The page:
New UK Brexit legislation puts employment rights at risk

30th September 2022

The effect that leaving the EU may have on employment rights has been somewhat of a grey area since the UK voted for Brexit. This is because much of the legislation which protects employee and worker rights has been an implementation of EU law. The government has now published The Retained EU Law (Revocation and Reform) Bill, seeking to clarify which EU law provisions will be retained in UK law.

Under the bill, all EU law-derived UK legislation will be automatically repealed and will, therefore, expire on 31 December 2023 unless specific legislation is implemented by the UK government to retain it. This means that the government will have to take positive action if it wants to retain existing employment protections beyond the deadline.

This creates a very uncertain outlook for the future of employment legislation. TUPE, paid annual holiday, the 48 hour working week, part-time and fixed-term worker regulations, and along with agency worker regulations are just some of the key provisions that protect employee and worker rights which are at risk.

These changes are notwithstanding the threat to the Equality Act 2010, which contains provisions to protect people from discrimination in the workplace. The government will now review the volumes of retained EU law to make a decision as to what legislation they wish to keep. This may ultimately result in the UK losing existing employment protections and generates uncertainty for both employers and employees.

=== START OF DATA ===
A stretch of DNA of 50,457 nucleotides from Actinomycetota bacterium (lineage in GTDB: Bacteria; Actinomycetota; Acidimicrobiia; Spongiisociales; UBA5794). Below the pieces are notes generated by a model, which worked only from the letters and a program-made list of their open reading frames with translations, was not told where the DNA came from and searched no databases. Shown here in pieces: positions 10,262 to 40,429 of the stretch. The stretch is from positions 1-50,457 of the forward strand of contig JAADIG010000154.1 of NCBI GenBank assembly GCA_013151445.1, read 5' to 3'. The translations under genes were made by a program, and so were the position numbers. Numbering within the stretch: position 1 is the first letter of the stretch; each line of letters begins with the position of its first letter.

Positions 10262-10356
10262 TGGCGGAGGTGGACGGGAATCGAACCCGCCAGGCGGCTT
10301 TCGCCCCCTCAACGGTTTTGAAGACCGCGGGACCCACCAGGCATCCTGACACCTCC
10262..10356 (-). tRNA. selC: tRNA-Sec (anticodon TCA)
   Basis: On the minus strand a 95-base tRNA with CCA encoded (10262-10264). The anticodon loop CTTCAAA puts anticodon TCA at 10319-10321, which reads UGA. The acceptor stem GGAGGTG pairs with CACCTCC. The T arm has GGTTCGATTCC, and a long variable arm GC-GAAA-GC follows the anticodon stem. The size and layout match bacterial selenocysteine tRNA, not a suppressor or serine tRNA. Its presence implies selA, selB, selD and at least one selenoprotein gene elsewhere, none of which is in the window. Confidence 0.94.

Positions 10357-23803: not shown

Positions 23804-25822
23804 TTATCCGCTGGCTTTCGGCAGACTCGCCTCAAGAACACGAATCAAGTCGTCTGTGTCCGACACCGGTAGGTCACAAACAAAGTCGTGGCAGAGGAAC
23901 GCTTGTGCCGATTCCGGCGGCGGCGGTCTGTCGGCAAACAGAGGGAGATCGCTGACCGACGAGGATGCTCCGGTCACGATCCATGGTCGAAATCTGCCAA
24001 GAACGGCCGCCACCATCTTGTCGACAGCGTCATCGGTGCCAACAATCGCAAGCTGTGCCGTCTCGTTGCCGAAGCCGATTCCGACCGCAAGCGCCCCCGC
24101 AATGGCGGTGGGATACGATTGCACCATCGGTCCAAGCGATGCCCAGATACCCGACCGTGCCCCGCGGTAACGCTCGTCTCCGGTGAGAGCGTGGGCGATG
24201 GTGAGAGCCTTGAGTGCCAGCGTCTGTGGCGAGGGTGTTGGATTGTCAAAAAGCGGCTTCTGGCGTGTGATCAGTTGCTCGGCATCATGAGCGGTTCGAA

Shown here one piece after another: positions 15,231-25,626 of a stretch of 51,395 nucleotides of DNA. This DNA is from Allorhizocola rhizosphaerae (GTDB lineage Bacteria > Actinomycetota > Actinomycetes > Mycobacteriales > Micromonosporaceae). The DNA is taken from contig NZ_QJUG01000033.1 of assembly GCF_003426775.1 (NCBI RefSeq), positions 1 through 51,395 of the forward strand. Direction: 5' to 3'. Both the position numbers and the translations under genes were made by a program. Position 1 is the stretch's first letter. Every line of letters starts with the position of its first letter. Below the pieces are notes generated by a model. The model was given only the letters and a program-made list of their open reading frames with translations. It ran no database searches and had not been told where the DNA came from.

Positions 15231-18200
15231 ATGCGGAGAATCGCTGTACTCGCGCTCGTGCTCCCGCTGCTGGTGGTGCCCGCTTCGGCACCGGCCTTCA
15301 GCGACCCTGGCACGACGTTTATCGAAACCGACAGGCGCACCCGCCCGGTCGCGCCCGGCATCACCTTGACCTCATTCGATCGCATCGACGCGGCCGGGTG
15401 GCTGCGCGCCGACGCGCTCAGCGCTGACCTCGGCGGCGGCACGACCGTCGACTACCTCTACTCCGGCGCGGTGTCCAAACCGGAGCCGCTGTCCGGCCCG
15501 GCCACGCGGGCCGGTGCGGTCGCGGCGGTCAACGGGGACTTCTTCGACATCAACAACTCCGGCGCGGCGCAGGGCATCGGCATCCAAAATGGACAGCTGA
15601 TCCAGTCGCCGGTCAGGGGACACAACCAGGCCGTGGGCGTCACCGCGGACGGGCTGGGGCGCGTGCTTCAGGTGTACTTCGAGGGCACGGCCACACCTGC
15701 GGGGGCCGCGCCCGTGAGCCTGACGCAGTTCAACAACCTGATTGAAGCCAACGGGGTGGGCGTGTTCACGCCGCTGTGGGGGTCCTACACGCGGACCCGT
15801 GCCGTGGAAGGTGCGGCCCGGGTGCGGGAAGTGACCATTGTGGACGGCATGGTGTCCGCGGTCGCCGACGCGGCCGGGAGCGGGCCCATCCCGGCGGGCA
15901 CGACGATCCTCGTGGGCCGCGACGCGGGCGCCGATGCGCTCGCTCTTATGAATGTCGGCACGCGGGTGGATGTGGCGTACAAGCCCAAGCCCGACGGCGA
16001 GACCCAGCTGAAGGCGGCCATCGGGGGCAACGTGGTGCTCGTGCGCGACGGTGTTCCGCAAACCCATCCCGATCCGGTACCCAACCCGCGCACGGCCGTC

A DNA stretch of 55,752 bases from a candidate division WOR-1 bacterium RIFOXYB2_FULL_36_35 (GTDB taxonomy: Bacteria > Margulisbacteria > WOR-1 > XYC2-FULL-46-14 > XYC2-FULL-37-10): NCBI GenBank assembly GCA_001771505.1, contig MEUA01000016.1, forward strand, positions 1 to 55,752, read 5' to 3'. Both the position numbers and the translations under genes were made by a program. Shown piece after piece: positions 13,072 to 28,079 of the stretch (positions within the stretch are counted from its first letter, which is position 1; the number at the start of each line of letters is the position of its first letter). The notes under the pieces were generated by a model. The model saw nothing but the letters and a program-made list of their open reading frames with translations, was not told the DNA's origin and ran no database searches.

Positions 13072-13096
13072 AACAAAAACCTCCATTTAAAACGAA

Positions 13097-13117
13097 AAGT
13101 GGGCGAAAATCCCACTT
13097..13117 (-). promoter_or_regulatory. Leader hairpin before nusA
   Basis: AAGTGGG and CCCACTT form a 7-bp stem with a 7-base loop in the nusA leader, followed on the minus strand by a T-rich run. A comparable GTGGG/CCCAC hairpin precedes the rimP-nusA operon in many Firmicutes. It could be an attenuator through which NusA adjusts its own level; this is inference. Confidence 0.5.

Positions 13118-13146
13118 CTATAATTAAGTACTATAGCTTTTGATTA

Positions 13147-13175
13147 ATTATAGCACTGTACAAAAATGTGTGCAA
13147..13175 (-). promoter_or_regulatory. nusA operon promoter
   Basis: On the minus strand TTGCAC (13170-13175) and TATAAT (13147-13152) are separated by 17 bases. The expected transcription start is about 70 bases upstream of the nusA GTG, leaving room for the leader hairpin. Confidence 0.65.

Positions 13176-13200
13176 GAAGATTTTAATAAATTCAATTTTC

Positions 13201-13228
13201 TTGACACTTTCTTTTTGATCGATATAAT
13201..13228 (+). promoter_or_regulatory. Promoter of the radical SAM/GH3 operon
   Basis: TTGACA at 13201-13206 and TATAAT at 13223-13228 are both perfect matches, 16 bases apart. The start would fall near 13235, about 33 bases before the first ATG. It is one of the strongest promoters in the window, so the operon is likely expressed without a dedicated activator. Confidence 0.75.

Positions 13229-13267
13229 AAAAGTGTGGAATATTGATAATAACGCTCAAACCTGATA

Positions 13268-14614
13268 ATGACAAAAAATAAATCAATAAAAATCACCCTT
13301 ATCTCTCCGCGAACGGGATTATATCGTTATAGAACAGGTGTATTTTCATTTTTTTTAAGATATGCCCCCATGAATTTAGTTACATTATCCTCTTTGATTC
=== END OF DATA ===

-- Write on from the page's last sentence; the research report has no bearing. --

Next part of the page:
With employers already concerned about the struggle to find skilled workers and to fill vacancies, and with the rising cost of living and inflation pushing salaries up, the news that employment rights are at stake will only create more uncertainty for employers and could lead to further difficulties in recruitment. Only time will tell whether we end up with a much-changed employment law landscape – but recent announcements around the financial services sector suggest the government is keen to reduce the regulatory and legal burden on employers. We will be providing further updates as the impact of the bill is revealed.